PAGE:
Team USA drops ‘a tough one’ in world hockey championship semifinal, will play Czech Republic

Team USA drops ‘a tough one’ in world hockey championship semifinal, will play Czech Republic

TAMPERE, Finland — For the second straight year, Team USA lost in the semifinal round of the ice hockey world championship.

Dallas Stars defenseman Miro Heiskanen had a goal and two assists as host Finland outlasted the Americans 4-3 in front of 11,055 fans Saturday. Montreal Canadiens forward Joel Armia and former New Jersey Devils defenseman Sami Vatanen added a goal and an assist each, as Finland secured a second straight championship appearance against Canada.

“It’s special,” said Finland’s Mikko Lehtonen, a former Toronto Maple Leafs defenseman who has 10 points in the tournament. “At the moment, it’s always one game. It’s a final. It doesn’t matter who you play, but in front of the home fans, it’s always special for us.”

Canada, which won the tournament last season, powered past Czech Republic 6-1 in the second semifinal. Buffalo Sabres center Dylan Cozens scored twice for Canada, a squad that is loaded with NHL players whose current teams are not in the postseason.

“We came here to win,” Canada’s Ryan Graves, a defenseman for the Devils, said. “We take pride in our hockey. As Canadians, hockey’s in our blood, so I know everyone back home is rooting for us to get gold. It’s an honor to play for your country and that’s the whole reason we come over here.”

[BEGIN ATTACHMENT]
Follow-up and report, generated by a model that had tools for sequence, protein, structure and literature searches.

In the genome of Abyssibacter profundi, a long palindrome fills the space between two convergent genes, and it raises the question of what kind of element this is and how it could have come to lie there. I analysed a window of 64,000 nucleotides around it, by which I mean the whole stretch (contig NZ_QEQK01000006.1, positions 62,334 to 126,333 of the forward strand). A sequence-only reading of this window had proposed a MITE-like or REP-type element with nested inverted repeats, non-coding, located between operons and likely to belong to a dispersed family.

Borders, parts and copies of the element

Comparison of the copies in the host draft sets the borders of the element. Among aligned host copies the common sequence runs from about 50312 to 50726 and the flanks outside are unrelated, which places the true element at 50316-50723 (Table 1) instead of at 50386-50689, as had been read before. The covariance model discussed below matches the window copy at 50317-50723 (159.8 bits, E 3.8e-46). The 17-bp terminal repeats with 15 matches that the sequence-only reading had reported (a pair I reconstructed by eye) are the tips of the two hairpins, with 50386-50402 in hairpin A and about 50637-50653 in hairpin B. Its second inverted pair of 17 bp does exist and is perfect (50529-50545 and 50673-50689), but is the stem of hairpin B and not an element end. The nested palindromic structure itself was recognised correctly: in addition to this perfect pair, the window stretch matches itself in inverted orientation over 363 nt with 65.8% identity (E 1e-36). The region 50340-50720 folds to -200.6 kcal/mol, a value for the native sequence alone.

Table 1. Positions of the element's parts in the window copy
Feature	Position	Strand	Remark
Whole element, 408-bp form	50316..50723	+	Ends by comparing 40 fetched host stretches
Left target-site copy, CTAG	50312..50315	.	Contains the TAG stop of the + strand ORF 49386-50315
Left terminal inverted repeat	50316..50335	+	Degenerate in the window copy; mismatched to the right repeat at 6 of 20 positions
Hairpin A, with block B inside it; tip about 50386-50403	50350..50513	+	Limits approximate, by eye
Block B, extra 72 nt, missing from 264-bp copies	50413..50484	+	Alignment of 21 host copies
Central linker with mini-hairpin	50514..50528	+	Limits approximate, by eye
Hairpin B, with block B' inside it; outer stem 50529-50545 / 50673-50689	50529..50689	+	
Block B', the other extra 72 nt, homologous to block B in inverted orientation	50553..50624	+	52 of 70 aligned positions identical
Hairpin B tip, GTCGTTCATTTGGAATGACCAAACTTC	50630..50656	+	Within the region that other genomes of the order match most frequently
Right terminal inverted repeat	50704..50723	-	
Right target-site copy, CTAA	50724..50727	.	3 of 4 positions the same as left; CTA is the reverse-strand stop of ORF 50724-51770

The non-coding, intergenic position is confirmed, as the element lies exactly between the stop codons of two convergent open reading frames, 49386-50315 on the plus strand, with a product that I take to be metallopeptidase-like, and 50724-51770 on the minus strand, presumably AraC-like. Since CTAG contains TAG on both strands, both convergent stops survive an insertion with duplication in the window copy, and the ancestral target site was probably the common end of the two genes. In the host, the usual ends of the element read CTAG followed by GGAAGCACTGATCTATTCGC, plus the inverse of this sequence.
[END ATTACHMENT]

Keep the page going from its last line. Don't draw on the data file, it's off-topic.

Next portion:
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Ottawa Senators forward Adam Gaudette scored for Team USA, and Bruins goaltender Jeremy Swayman — a late addition to the roster after Boston was eliminated in Round 1 of the playoffs by the Carolina Hurricanes — made 22 saves in the loss. Last year, the Americans lost to Canada 4-2 in the semifinal round.

“It’s definitely a tough one,” American left wing Sean Farrell, a Canadiens prospect, said. “We battled as hard as we could, but they’re a really good team and they ended up coming out on top. We’ve just gotta refocus and be ready to battle for a bronze [Sunday].”

Team USA will meet Czech Republic in the third-place game Sunday.

For Finland, this will be its third consecutive championship final. The Finns outlasted Canada 3-1 in 2019, and the tournament was canceled in 2020 amid the COVID-19 pandemic.

“Everybody’s cheering for us,” Finland forward Mikael Granlund, a center for the Nashville Predators, said. “We just try to take all the energy we can from that. It should be fun [Sunday], but we gotta get prepared, enjoy this one for a bit, and get ready for the next one.”

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2022 Stanley Cup playoffs: Why the Stanley Cup Final-bound Colorado Avalanche must be seen to be believed
9:47 AM
Kristen Shilton
ESPN NHL reporter